I don’t think it is fair to say you get lower quality product either, you get a product that suits your needs if you take the time to search for the right tools, and most problems rise from the fact that you don’t know what you need, and do ad-hoc planning and development.

  7. Christian Helle

    Excellent point! I myself target multiple platforms and always make sure that I use the tools designed specifically for the platform. I mean, you don’t serve Coca Cola in a Pepsi glass. I believe that the platform is your best friend, and one should take full advantage over what the platform has to offer.

    But there are some successes in cross platform tools, especially in the desktop computing world. QT is my favorite example. There are decent applications written in QT, Google Earth is a good example. QT also provides their own development IDE, which is actually pretty neat.

  8. dermdaly

    Wow lots of great comments. Love when a post generates discussion. So…here’s my response to the above:
    Ronan: HTML5 is an interesting question. Because there are many apps that could have been done just as good as a mobile website than an app. They can have a level of consistency and quality, but unfortunately you don’t get the marketing benefit of placing the app in the store (Apple have started rejecting pure wrappers for example). Also, by only being on the web, it is difficult to ensure the end-user will come back. An app, installed on the device gives you a higher likelihood of being ‘sticky’
    Padraig: I agree that a client may prefer Ubiquity over quality, however people who sell cross platform solutions sell the ubiquity side of the equation (obviously) and leave the client in the dark over the downsides, so they may well get the reach, but by unhappy with the results when it is too late.
    Patrice: Thanks for your candid response. However I think mono touch and mono droid are a great example of what I am talking about. The apps coming out of this (the one’s I’ve seen) don’t give a native experience. In other words, consistent, but consistently bad.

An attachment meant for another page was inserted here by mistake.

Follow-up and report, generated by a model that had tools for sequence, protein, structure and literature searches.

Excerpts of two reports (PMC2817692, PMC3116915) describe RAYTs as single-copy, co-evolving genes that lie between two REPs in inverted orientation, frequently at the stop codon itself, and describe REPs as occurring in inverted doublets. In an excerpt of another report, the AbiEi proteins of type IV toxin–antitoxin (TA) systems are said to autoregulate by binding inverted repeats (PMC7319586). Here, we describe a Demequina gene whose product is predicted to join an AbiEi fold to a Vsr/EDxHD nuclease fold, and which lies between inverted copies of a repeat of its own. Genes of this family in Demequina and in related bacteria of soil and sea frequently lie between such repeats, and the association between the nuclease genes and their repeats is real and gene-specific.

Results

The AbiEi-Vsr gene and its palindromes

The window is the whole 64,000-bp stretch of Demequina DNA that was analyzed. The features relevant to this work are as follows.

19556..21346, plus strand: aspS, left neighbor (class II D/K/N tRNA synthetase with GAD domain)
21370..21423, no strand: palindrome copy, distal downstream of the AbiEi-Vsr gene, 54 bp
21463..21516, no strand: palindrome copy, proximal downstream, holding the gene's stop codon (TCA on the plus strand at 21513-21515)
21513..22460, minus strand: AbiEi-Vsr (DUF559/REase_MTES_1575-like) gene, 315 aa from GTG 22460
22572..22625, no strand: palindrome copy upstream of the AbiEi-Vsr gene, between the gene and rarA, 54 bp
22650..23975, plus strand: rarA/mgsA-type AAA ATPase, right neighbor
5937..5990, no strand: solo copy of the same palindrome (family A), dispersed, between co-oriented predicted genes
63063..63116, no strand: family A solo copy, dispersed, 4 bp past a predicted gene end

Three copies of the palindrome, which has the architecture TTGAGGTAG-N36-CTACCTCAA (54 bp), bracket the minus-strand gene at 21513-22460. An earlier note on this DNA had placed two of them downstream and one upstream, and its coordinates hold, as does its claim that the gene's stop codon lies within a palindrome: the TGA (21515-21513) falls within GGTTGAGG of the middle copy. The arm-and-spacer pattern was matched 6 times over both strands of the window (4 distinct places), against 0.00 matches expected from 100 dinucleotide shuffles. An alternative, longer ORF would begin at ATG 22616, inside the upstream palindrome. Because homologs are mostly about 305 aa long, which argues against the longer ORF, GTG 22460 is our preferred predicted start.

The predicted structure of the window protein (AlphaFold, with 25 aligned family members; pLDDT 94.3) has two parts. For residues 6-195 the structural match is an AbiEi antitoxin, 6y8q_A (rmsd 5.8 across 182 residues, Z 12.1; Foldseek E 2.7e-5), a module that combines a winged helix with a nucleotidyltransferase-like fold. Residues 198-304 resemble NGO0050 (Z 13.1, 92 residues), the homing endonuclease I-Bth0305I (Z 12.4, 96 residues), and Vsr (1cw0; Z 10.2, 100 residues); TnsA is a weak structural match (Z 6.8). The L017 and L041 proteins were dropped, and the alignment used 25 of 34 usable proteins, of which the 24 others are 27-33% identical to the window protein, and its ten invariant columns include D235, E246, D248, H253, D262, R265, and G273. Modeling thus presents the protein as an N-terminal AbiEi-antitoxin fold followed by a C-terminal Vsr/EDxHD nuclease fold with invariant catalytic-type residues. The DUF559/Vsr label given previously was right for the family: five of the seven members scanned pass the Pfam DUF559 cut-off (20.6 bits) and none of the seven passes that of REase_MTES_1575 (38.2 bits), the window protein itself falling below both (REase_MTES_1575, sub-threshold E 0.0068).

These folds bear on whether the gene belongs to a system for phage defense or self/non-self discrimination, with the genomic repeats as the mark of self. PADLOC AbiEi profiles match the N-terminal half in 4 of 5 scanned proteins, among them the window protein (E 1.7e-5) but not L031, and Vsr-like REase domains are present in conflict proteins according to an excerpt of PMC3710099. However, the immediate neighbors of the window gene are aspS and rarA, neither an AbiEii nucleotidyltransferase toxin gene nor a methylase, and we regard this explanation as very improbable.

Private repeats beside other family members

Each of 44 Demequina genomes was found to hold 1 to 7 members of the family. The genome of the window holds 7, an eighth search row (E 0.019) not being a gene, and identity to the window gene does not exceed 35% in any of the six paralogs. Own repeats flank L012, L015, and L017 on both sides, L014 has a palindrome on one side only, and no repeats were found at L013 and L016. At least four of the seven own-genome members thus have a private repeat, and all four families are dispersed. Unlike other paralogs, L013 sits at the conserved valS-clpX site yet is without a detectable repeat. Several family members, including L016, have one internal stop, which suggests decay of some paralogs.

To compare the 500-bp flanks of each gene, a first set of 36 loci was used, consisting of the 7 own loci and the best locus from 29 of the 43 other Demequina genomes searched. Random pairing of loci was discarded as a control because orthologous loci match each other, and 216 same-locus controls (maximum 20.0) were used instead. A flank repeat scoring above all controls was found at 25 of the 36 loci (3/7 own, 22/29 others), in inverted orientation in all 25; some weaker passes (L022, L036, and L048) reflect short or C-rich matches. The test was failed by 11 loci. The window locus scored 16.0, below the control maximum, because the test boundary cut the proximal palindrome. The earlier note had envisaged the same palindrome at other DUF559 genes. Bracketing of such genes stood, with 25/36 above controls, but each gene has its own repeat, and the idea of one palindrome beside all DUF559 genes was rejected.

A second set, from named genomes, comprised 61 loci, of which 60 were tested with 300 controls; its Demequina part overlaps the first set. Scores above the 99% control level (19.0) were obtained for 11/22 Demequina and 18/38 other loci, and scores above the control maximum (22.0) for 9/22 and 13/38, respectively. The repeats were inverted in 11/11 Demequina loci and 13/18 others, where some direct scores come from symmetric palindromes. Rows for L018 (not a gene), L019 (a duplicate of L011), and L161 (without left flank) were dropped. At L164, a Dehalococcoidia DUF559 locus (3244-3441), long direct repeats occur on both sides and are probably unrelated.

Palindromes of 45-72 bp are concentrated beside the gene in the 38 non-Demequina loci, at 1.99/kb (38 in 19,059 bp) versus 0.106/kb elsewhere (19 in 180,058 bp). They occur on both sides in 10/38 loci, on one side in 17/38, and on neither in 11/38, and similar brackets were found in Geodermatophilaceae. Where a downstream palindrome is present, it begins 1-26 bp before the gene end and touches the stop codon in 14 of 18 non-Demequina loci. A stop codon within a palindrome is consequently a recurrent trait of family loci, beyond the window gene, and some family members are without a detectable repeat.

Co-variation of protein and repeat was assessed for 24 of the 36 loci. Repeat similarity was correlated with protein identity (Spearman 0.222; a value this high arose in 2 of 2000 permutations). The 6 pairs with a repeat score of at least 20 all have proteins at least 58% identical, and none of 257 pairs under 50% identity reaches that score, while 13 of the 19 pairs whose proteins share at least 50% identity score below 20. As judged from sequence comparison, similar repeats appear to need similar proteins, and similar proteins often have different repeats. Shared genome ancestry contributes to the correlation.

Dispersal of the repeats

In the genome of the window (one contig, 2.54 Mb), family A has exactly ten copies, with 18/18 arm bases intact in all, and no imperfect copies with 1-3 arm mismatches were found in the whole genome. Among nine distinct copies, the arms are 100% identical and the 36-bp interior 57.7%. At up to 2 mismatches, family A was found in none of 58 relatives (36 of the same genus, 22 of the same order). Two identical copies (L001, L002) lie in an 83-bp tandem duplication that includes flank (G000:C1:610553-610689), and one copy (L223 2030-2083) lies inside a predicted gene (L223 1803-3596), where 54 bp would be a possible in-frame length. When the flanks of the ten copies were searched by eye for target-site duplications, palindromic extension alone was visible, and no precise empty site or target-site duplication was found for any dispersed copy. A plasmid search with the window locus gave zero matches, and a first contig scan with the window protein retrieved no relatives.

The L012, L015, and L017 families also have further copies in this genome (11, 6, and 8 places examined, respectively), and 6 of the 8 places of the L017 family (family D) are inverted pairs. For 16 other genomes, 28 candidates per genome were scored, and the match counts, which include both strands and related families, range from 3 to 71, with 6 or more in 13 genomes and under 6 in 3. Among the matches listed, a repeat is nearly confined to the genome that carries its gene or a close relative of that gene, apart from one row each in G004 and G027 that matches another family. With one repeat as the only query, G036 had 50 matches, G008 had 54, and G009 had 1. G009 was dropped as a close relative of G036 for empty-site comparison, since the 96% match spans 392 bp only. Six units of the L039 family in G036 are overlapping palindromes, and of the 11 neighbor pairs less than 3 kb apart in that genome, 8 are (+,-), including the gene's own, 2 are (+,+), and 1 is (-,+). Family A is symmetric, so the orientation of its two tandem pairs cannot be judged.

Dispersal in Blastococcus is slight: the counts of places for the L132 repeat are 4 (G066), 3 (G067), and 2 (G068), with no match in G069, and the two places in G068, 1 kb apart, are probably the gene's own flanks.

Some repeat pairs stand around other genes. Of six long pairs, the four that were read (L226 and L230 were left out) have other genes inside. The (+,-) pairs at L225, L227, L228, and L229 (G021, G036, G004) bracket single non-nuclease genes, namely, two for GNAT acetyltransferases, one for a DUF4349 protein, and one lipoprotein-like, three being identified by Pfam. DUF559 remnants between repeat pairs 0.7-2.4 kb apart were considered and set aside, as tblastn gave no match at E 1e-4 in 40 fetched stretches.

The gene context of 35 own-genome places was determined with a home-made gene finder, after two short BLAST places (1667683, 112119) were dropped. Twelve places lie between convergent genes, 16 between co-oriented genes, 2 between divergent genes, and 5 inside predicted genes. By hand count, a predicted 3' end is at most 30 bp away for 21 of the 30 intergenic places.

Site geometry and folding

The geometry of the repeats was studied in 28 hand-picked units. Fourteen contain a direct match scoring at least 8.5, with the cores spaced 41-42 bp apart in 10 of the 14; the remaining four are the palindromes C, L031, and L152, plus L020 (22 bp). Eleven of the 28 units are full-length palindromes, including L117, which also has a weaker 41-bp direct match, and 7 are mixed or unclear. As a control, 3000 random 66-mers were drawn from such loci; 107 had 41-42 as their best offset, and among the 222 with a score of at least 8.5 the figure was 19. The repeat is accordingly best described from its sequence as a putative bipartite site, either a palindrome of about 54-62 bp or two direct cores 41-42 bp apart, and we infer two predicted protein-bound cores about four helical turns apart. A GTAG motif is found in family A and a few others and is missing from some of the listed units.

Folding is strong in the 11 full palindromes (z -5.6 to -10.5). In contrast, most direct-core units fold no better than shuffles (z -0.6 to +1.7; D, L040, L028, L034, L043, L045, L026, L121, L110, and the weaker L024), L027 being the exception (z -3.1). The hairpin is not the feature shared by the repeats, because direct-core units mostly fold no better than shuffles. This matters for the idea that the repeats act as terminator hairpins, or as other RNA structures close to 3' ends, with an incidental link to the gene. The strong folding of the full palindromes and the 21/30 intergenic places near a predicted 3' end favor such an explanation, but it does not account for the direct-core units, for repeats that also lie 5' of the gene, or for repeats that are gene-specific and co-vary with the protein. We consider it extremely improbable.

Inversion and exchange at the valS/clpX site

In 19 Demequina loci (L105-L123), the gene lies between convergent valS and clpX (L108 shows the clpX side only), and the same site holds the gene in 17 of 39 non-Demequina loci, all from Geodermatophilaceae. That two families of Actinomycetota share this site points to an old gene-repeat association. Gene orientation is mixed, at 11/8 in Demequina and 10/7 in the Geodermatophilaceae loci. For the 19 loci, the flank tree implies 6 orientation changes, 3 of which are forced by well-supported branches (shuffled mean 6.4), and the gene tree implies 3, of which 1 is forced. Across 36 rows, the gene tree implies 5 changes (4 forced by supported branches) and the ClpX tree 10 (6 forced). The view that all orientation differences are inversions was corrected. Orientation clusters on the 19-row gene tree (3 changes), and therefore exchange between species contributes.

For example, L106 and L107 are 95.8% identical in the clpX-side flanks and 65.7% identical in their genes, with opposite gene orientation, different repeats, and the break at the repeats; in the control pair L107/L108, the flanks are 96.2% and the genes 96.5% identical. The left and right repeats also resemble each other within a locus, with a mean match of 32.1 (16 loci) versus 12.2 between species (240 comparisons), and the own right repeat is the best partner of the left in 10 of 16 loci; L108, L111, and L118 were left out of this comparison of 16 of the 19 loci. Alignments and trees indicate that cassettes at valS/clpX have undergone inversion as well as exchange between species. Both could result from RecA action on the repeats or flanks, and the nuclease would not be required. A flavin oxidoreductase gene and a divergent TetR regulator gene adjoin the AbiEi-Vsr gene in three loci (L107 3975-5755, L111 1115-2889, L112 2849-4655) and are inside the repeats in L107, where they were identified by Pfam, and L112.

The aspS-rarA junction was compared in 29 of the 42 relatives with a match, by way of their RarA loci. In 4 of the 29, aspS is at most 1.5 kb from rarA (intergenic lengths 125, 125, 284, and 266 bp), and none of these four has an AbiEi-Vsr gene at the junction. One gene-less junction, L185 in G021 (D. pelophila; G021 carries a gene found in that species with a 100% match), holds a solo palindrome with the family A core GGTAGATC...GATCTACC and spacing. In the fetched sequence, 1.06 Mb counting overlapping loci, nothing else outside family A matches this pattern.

Alexander: See the comment to Patrice. Also, the point about 80% common, and only have to concentrate on front end is misleading I think. Given the nature of apps, UI is typically a much larger slice to the app. More so with connected apps, which will have a common back end, and be all about the UI.
    Christian: Whilst QT is a good toolkit, it usually shows; Again it looks like a QT app rather than a Windows app for example. Its interesting you mention google earth; I didn’t know that it was developed specifically using QT, but I’ve always felt the UI is not quite right, and don’t really like it. It never feels native. Thanks for clarifying!

  9. Alan

    What do you mean by MonoTouch applications don’t give a native experience? MonoTouch exposes only the iPhone UI toolkit, they’re completely indistinguishable from what you refer to as ‘native’ apps. How are you able to tell a MonoTouch app from a non-MonoTouch app them? Are you aware that a huge proportion of the top selling games on the appstore are built using Unity3D, which is itself a cross platform toolkit?

  10. Geoff Norton


    I’m not sure how you can suggest that MonoTouch doesn’t give a native experience, since it uses the native widgets. Look at apps like TweetStation and iCircuit and Creatures & Castles for some great examples.

  11. Adam

    There’s a lot of discussion happening on a thread over at Hacker News at the moment, pretty much talking about all the points being mentioned above.

    Worth a quick flick through.